Transforming the historic Hockessin school that ended segregation into aCenter for Diversity, Inclusion & Social Equity
- Emma Lazarus
The Hockessin Colored School #107 was built in 1920 and played a monumental role in the 1954 U.S. Supreme Court ruling, Brown v. Board of Education, which desegregated schools nationwide.
Shirley Bulah walks the 2 miles to and from HCS #107. A school bus transporting white children passes her every day.
Parents Fred and Sarah Bulah write Delaware Governor Carvel asking the state to provide their daughter, Shirley, with transportation to school.
They are rejected.
Attorney Louis L. Redding files Bulah vs. Gebhart in the Delaware Court.
Chancellor Collins J. Seitz declared that separate African American schools offered inferior educational opportunities when compared to white schools and ordered the immediate admission of African American students to the white schools.
The Hockessin Schoools are desegregated.
Bulah v. Gebhart is combined with 4 other cases to become the landmark Brown vs. Board of Education Supreme Court case.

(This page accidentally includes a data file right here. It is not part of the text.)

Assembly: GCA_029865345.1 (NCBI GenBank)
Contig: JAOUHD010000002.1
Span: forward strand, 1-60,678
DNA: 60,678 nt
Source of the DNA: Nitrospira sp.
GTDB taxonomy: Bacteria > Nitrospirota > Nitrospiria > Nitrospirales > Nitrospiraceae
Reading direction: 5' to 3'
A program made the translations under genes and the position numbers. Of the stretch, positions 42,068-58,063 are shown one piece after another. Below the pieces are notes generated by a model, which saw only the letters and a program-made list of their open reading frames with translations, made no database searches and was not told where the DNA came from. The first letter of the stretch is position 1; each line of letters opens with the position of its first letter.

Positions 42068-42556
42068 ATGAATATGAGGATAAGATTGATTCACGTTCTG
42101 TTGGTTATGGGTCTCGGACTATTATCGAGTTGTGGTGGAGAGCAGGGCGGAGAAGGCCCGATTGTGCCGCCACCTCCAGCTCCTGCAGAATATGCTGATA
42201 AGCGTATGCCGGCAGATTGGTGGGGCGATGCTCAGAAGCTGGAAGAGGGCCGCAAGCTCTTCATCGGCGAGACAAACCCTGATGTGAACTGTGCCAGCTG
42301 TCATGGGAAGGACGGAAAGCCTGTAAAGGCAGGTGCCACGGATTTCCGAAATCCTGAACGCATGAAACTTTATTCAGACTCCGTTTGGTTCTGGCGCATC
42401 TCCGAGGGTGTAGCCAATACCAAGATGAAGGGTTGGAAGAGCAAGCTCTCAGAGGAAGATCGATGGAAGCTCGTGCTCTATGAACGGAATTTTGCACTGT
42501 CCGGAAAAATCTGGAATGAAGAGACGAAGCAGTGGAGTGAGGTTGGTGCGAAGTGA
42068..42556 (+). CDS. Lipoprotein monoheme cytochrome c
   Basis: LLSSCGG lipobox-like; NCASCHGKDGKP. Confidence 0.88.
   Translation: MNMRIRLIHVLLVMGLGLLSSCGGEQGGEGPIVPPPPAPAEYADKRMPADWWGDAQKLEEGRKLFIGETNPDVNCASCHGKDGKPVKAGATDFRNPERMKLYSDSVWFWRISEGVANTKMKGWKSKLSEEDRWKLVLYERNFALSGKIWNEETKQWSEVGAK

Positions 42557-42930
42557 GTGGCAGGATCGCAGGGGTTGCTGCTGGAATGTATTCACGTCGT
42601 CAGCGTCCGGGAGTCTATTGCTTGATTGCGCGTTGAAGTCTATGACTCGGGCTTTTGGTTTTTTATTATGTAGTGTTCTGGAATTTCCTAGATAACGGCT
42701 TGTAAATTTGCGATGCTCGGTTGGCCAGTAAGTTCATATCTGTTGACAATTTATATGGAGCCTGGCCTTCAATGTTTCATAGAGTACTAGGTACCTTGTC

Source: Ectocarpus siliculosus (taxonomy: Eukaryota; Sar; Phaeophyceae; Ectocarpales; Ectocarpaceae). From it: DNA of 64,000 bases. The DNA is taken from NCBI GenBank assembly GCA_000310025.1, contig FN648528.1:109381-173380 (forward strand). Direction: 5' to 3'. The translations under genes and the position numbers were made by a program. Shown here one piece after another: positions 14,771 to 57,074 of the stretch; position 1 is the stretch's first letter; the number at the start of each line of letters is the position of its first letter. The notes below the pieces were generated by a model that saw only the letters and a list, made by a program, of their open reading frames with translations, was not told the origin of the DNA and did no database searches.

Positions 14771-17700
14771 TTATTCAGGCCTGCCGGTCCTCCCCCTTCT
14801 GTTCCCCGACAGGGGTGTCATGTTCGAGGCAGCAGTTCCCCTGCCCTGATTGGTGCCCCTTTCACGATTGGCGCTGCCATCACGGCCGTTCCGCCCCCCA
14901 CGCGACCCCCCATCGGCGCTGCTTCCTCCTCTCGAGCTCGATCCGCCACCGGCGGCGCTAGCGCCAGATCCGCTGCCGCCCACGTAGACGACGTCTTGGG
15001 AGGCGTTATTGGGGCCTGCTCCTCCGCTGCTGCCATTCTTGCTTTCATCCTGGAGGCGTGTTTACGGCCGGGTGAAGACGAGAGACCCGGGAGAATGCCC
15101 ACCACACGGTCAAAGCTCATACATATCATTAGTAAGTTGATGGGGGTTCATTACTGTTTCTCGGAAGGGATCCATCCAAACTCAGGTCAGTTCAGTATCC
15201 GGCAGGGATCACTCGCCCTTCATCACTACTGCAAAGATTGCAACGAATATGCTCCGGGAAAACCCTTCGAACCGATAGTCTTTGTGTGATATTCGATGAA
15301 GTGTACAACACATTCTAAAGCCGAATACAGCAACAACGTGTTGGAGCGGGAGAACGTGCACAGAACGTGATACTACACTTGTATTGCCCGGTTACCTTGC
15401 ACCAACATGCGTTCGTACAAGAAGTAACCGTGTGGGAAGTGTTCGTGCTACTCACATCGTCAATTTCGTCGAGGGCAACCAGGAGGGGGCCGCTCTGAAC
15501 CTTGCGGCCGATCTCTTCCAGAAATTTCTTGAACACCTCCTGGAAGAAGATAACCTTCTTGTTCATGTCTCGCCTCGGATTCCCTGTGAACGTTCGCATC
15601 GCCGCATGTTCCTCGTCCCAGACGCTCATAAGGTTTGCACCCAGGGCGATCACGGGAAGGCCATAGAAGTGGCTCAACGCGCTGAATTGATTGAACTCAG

US Supreme Court overturns Plessy v. Ferguson by stating, 'separate but equal, is in fact, not equal at all.
School segregation is declared unconstitutional.
“We could no more let HCS #107 be torn down or lost to commercial development, than we could allow another promising student of color to drop out of high school based on some artificial barrier of geography, income or perceived cultural deficiency.”Judge Leonard Williams – Founding Chairman of The FOHCS
When the U.S. Supreme Court struck down school segegration in 1954, many black students found a hostile backlash at the previously all white schools they attended.
In part 2 Delmarva Public Radio's Don Rush takes a look at what happened to those students and the efforts to renovate the old African American school in Hockessin that was part of the historic decision.